In light of sociological work on the role of pre-existing networks on the mobilization of collective action, our main finding suggests that CouchSurfing succeeded in forming a strong identity among its members, thereby reducing the importance of embedding participation within pre-existing networks to foster participation. This finding is also consistent with Centola and Macy's analysis  if we assume that joining a local CouchSurfing chapter is a low risk activity. Whether our finding is the byproduct of the nature of the specific association we targeted or is instead a characteristic of online associations, we cannot directly determine from our analysis. It is nevertheless useful to entertain the possibility that a potential effect of online associations would be that of promoting new identities that are independent of pre-existing ones.
Regardless of the precise scenario, we believe the study of online platforms for social networking such as the one provided by CouchSurfing can provide important insights into the world of all associations and the nature of their broader social, political and economic consequences. While the limited availability of data has restricted the scope of the debates about links between personal networks and levels of associational engagement in the case of primarily face-to-face associations, new data collection capabilities can give us important new insights into the complex nature of the interaction between networks and associational life. Further investigation is required to explore the similarities and potential differences between membership in online associations and those that are primarily face-to-face as well as the consequences of such membership for participation in civic activities.
We thank Ravi Jain and Piero Landolfi for useful comments on earlier drafts of this paper.
Conceived and designed the experiments: PP BS DD RC KC. Analyzed the data: BS DD PP. Wrote the paper: PP RC KC BS DD.
- 1. Almond G, Verba S (1963) The Civic Culture. Princeton:Princeton University Press.
- 2. Dahl RA (1989) Who Governs?: Democracy and Power in an American City.New Haven:Yale University Press .
- 3. De Toqueville A (2007) Democracy in America. New York:WW. Norton & Co.
- 4. Putnam R (1993) Making Democracy Work: Civic Tradition in Modern Italy. Princeton, NJ:Princeton University Press.
- 5. Sampson RJ, McAdam D, MacIndoe H, Weffer-Elizondo S (2005) Civil society reconsidered: The durable nature and community structure of collective civic action. American Journal of Sociology 111: 673–714. doi: 10.1086/497351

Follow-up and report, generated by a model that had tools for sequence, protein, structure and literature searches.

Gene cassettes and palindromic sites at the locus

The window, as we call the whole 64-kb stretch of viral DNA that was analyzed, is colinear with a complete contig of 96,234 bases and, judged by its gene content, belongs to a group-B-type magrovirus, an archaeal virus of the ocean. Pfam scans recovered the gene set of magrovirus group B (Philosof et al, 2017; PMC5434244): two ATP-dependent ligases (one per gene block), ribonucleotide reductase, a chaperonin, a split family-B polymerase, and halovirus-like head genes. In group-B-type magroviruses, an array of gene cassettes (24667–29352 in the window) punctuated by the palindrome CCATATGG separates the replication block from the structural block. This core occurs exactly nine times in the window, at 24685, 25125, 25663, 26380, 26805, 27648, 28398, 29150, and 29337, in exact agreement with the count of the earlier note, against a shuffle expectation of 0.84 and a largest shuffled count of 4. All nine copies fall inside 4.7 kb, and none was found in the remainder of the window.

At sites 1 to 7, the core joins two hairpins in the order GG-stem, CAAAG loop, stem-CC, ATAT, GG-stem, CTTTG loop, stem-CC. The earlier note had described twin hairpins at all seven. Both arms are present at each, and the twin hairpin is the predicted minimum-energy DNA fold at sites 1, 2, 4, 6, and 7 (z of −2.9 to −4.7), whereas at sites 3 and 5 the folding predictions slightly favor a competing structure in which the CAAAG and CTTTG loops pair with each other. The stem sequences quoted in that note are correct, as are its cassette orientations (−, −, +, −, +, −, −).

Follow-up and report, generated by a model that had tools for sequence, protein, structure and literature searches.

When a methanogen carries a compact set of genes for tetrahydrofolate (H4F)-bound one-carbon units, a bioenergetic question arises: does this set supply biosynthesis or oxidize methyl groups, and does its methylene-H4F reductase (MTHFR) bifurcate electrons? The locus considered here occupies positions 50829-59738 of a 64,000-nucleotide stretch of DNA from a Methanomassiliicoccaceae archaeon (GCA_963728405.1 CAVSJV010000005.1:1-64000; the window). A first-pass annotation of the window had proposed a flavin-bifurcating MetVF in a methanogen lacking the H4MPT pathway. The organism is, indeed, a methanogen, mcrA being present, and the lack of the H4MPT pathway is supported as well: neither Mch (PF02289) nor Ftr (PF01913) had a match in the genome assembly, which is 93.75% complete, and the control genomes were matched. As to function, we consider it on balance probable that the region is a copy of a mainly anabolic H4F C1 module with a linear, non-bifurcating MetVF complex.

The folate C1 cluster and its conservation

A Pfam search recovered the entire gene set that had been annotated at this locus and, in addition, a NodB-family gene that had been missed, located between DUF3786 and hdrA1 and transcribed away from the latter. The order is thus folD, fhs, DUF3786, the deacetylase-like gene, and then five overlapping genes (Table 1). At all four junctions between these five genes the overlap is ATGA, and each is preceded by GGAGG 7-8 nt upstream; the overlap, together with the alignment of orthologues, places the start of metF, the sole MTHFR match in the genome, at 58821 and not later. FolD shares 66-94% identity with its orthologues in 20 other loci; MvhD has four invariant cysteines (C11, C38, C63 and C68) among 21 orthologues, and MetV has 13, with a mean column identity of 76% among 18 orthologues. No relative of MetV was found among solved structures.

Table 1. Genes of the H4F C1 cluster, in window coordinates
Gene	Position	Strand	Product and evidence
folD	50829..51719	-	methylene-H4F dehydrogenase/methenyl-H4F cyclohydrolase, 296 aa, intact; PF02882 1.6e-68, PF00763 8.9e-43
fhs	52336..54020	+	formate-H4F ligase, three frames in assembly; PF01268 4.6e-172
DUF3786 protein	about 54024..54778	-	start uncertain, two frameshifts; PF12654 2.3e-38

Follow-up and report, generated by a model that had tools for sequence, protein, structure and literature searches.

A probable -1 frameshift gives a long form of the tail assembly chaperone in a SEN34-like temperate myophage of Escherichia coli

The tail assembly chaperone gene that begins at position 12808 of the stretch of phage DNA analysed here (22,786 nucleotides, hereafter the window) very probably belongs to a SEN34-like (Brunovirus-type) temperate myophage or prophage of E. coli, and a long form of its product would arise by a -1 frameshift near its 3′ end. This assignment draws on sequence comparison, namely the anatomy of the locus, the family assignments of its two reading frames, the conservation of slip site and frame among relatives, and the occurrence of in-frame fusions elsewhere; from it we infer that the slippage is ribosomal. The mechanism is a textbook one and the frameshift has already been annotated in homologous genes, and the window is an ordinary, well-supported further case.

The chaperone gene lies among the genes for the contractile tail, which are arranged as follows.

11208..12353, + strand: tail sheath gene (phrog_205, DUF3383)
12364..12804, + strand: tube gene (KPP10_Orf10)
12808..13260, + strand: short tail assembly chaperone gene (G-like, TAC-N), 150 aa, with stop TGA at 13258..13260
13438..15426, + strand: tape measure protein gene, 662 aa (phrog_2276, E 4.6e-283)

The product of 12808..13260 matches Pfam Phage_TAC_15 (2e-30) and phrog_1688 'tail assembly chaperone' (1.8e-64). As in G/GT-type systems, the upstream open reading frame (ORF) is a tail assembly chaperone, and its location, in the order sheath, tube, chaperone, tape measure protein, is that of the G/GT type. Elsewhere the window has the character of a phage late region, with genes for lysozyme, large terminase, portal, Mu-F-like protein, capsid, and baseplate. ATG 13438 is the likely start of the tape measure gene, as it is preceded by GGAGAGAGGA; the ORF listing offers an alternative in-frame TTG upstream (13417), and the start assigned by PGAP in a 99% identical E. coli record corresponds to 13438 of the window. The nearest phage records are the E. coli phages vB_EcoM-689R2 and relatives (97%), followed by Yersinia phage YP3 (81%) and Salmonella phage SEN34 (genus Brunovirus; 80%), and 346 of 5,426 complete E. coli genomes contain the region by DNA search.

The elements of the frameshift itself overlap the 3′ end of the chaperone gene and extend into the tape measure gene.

- 6. Tarrow S (1996) Social movements in contentious politics: A review article. American Political Science Review 90: 874–83. doi: 10.2307/2945851
- 7. Gould R (1991) Multiple networks and mobilization in the paris commune 1871. American Sociological Review 56: 716–729. doi: 10.2307/2096251
- 8. McAdam D (1999) Political Process and the Development of Black Insurgency, 1930−1970. Chicago:Chicago University Press.
- 9. Hampton K, Wellman B (2003) Neighboring in netville: How the internet supports community and social capital in a wired suburb. City & Community 2: 277–311. doi: 10.1046/j.1535-6841.2003.00057.x
- 10. Centola D, Macy M (2007) Complex contagions and the weakness of long ties. American Journal of Sociology 113: 702–734. doi: 10.1086/521848
- 11. Kairam S, Daniel W, Jure L (2012) The life and death of online groups. In: ADM International Conference on Web Search and Data Mining (WSDM).
- 12. Lazer D, Pentland A, Adamic L, Aral S, Barabasi AL, et al. (2009) Computational social science. Science 323: 721–723. doi: 10.1126/science.1167742
- 13. Della Porta D, Diani M (1999) Social Movements: An Introduction. Oxford:Blackwell.
- 14. Baldassarri D, Diani M (2007) The integrative power of civic networks. American Journal of Sociology 113: 735–780. doi: 10.1086/521839
- 15. Wellman B, Boase J, Chen W (2002) The networked nature of community: Online and offline. It & Society 1: 151–165.
- 16. McAdam D (1988) Freedom Summer. New York:Oxford University Press.
- 17. Fernandez RM, McAdam D (1988) Multiorganizational fields and recruitment to mississippi freedom summer. Sociological Forum 3: 357–382. doi: 10.1007/bf01116431
- 18. Weber E (1976) Peasants into Frenchmen.Stanford, CA:Stanford University Press.
- 19. Polletta F, Jasper J (2001) Collective identity in social movements. Annual Review of Sociology 27: 283–305. doi: 10.1146/annurev.soc.27.1.283
- 20. Minkoff D (1995) Organizing for Equality: The Evolution of Women's and Racial-Ethnic Organizations in America, 1955−1985. ASA Rose Book Series. Rutgers:Rutgers University Press.
- 21. Bearman P (1991) Desertion as localism: Army unit solidarity and group normas in the U.S. civil war. Social Forces 70: 321–342. doi: 10.1093/sf/70.2.321
- 22. Nie NH (2001) Sociability, interpersonal relations, and the internet. American Behavioral Scientist 45: 420–435. doi: 10.1177/00027640121957277
- 23. Boyd Dm, Ellison NB (2007) Social network sites: Definition, history, and scholarship. Journal of ComputerMediated Communication 13: 210–230. doi: 10.1111/j.1083-6101.2007.00393.x
- 24. Ellison N, Steinfield C, Lampe C (2007) The benefits of facebook \friends:" social capital and college students' use of online social network sites. Journal of Computer-Mediated Communication 12: 1143–1168.
- 25. Van de Donk W, Rucht D, Loader B, editors (2004) Cyberprotest: New media, citizens, and social movements.New York:Routledge .
- 26. Howard P (2010) The Digital Origins of Dictatorship and Democracy: Information technology and Political Islam. New York:Oxford University Press.
- 27. Lauterbach D, Truong H, Shah T, Adamic L (2009) Surfing a web of trust: Reputation and reciprocity on couchsurfing.com.
- 28. Marx P (2012) You're welcome. couch-surfing the globe. The New Yorker.
- 29. Green P (2012) Surfing the world wide couch. New York Times.
- 30. Love I, Zicchino L (2006) Financial development and dynamic investment behavior: Evidence from panel VAR. The Quarterly Review of Economics and Finance 46: 190–210. doi: 10.1016/j.qref.2005.11.007